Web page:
WANT U.S. VESSELS.
To Again Carry Grain From Fort William.
The Winnipeg grain exchange has wired Hon. Mr. Sifton, minister of the interior, requesting the minister to urge that United States vessels be allowed to carry grain from Fort William to Georgian Bay points for the remainder of the season, owing to the shortage of Canadian vessels, and to the congestion of the Buffalo elevators.....
p.2 He Was A Dancer - James Connolly, lost on Marine City, was a clever dancer of the sailors' hornpipe.
Richardsons' elevator: sloops Pilot and Monitor, from bay ports.
The steamyacht Ellen called at Swift's wharf yesterday for freight.
All the R. & O. navigation company steamers are now off the western route.
The government dredge Queen has arrived here and will winter at the dry-dock.
"Tom" Clancy, the old-time watchman, has again taken up duty at Swift's wharf, guarding the steamer North King. "Tom" feels lonely without having the old steamer Hero to care for also.
The steamer Cuba, from Montreal, called at Craig's wharf last evening, but on account of the present low water in the harbor, went aground. The gunboat Pierrepont went to the rescue, and pulled the Cuba off.
p.6 Will Start Tomorrow - The steamer Richelieu will start tomorrow morning for Montreal. She will leave at daylight and make Prescott in time for dinner. Then a start will be made for Cornwall, where supper will be partaken of and the night spent. It is expected that Montreal will be reached by Thursday night.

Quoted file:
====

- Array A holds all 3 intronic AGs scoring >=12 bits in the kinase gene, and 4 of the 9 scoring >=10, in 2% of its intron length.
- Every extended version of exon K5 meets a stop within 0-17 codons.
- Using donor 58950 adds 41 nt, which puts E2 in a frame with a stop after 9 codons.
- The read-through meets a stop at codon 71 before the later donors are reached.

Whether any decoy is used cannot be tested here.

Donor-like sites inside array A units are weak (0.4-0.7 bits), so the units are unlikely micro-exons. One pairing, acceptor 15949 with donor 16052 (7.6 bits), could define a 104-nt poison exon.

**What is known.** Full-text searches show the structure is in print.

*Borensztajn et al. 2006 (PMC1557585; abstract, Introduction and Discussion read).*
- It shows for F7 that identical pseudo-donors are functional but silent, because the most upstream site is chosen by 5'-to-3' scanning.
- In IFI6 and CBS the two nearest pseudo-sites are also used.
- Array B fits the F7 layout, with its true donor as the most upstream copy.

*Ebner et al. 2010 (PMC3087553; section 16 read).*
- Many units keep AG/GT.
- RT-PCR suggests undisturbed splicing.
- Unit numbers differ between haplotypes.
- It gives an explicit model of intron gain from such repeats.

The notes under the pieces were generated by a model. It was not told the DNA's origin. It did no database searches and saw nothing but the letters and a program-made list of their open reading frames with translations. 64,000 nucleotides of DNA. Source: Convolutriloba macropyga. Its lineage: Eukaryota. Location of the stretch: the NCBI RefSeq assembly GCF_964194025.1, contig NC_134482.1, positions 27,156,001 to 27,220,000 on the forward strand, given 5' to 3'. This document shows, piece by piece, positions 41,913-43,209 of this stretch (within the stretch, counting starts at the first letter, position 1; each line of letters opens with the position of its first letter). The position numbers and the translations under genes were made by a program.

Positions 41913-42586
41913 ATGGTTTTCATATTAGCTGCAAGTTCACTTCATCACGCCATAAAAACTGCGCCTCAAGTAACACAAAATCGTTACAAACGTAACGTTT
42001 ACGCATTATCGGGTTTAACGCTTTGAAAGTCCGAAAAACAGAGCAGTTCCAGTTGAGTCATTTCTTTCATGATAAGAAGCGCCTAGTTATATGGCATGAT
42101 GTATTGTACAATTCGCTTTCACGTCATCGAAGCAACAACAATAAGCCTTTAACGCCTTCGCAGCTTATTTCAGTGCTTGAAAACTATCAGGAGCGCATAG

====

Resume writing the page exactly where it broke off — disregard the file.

How Their Conduct Is Regarded In Buffalo.
Buffalo, Nov. 18th - There was considerable talk along the waterfront yesterday over the fate of the four members of the crew of the Canadian propeller India, who went aboard the schooner Marine City after she had been abandoned in the storm last week on Lake Huron. Some of the lake men were of the opinion that it was a pretty risky piece of business on the part of the sailors of the India to attempt to save the Marine City in the gale which was then raging. Others held that it was an act of bravery on the part of the men, as the vessel, if she stayed afloat, was a dangerous menace to other vessels which might be running before the gale. However, there was another incentive for the act, that of getting salvage if the vessel was saved. The Marine City and her cargo, which it is said was valuable, practically became the property of the members of the crew of the India when she was taken in tow by that vessel. Of course the owners could claim the Marine City by paying heavy salvage claims. The vessel was probably worth $5,000 or $6,000 and the cargo nearly as much. If the India's crew had saved the Marine City the men could have realized about $10,000. This amount would have been equally divided among the men from the captain down. There are a number of American sailors who would have taken the risk the Canadians did to be able to get a share of $10,000 now that the season of navigation is nearing an end. The four men who lost their lives trying to save the Marine City were Canadians, but, nevertheless, the relatives of the brave men have the heartfelt sympathy of the American seamen.